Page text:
Shakespeare speaks of the seven ages of man, but from the medical point of view man has been considered in three periods: childhood, when we practice pediatrics on him; the grown-up stage, when we have no special term for our procedures; and old age, when we now say that he is a candidate for geriatrics. But as Sir Thomas Browne points out, and as we are told that the Chinese reckon, we are nine months old when we are born. In many respects these nine months are the most important portion of our life, for we are then being formed in a pattern which cannot change.
The best you can do for the child during the first nine months in the moist climate of the mother’s womb is to take good care of this parent. If all goes well with her, the chance of a satisfactory child developing is as good as is anything desirable in this world.
There is no great transformation when the baby is born. It just seems so because of the spectacular aspects of birth. He still needs to receive oxygen and give up carbon dioxide, but he uses his own lungs instead of his mother’s; he prepares his own food in his digestive tract from now on; and for the first time bacteria begin to grow in his intestine, which has previously been sterile. How difficult to distinguish our friends from our enemies! We view bacteria with fear, yet evidently these intestinal ones have rushed to our aid. Later in life we find that these beneficent inhabitants of our alimentary depths may be persecuted by the wonder drugs just as the wicked bacteria are. The balance of nature has to be maintained here as in the great outdoors.
The baby’s skin has been secreting a fatty waxy material and continues to do so after birth. The kidneys have already been secreting urine. Of course the muscles, including the heart, have been working. Whether the baby has been thinking I will not pass upon, but up-to-the-minute psychologists have suggested that he has been. In fact, the birth of the baby merely modifies, in a continuous sequence, his bodily functions. One of the chief wonders of our incredible body is the unostentatious way in which it adapts its activities as needs arise.
In our second age of man, a combination of Shakespeare’s infant, “mewling and puking,” and his schoolboy with “the shining morning face,” I would say that the emphasis is on growth rather than development, though, of course, there are changes other than mere increase in size. In my youth, for example, I had the pleasure of knowing a young woman who, presumably because of some change in her pituitary gland at the age of three, had ceased to grow in stature. Later she was a beautifully proportioned and unusually keen-minded adult, whose only lack of development was in her size. Otherwise she had progressed as all normal children do. It is our bones that largely determine our size. Not until a little over a half century ago, when Roentgen discovered the X-ray, did we realize how the bones grow from centers of cartilage which we often cannot see at first, and that some of these centers have not finished their work even when the person has reached puberty. Adolescence, the period between puberty or sexual maturity and the time when the individual has achieved the wisdom to vote, does not mark but accompanies the final change in stature. But this period signifies little, for Goethe said that man is a perpetual adolescent. The years from birth to the voting booth are the formative ones, but we are pretty well equipped before we start these, as the primitive functions necessary to keep us alive have been laid down, with the sympathetic nervous system in command.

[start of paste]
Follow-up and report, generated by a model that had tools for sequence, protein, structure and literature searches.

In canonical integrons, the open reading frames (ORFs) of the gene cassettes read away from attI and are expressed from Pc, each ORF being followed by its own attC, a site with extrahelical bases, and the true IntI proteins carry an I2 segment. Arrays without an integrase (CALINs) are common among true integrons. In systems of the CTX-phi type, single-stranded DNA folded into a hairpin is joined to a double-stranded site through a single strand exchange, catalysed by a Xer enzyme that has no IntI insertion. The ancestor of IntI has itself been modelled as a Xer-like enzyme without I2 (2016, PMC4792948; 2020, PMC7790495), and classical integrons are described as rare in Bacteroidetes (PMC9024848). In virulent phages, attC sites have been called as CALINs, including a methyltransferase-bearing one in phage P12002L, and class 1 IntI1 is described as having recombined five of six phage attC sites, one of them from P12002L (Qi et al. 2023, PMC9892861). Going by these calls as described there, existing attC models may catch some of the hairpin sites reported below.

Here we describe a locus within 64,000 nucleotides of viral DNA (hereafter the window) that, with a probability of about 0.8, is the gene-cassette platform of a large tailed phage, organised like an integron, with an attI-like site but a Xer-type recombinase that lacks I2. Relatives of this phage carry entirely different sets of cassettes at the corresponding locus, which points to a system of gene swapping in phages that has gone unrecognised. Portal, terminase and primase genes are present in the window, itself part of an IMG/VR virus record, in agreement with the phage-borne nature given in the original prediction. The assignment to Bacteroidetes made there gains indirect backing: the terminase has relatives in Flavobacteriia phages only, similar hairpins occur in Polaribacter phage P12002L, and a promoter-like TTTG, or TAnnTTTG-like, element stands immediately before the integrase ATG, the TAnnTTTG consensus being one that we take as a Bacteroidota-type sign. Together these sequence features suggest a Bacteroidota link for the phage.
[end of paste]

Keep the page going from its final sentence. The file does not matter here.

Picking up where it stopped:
Yet we learn to assume some partial control over even these primitive functions. Breathing we can stop for a while, or hurry up. Our bowels and bladder we learn to take charge of. On the other hand, the infant is born with the instinct to milk nourishment from a nipple, using for this purpose muscles in the cheek which will later waste away with disuse. Once lost, this valuable function cannot be acquired again.
The use of most of the voluntary muscles becomes automatic, particularly the ones with which we acquire skills. As age advances, the acquiring of new muscular skills becomes more and more difficult. However, a few people with inherent dexterity seem to belie this rule. We cannot generalize accurately about adolescence either of the body or of the mind. We see boys who are giants on their school football teams or precocious intellectuals like Thomas Babington Macaulay, who, when a few years old, could recite Scott’s Marmion and knew several languages. But a few exceptional cases prove little. The progress of the great majority of us can be charted in advance.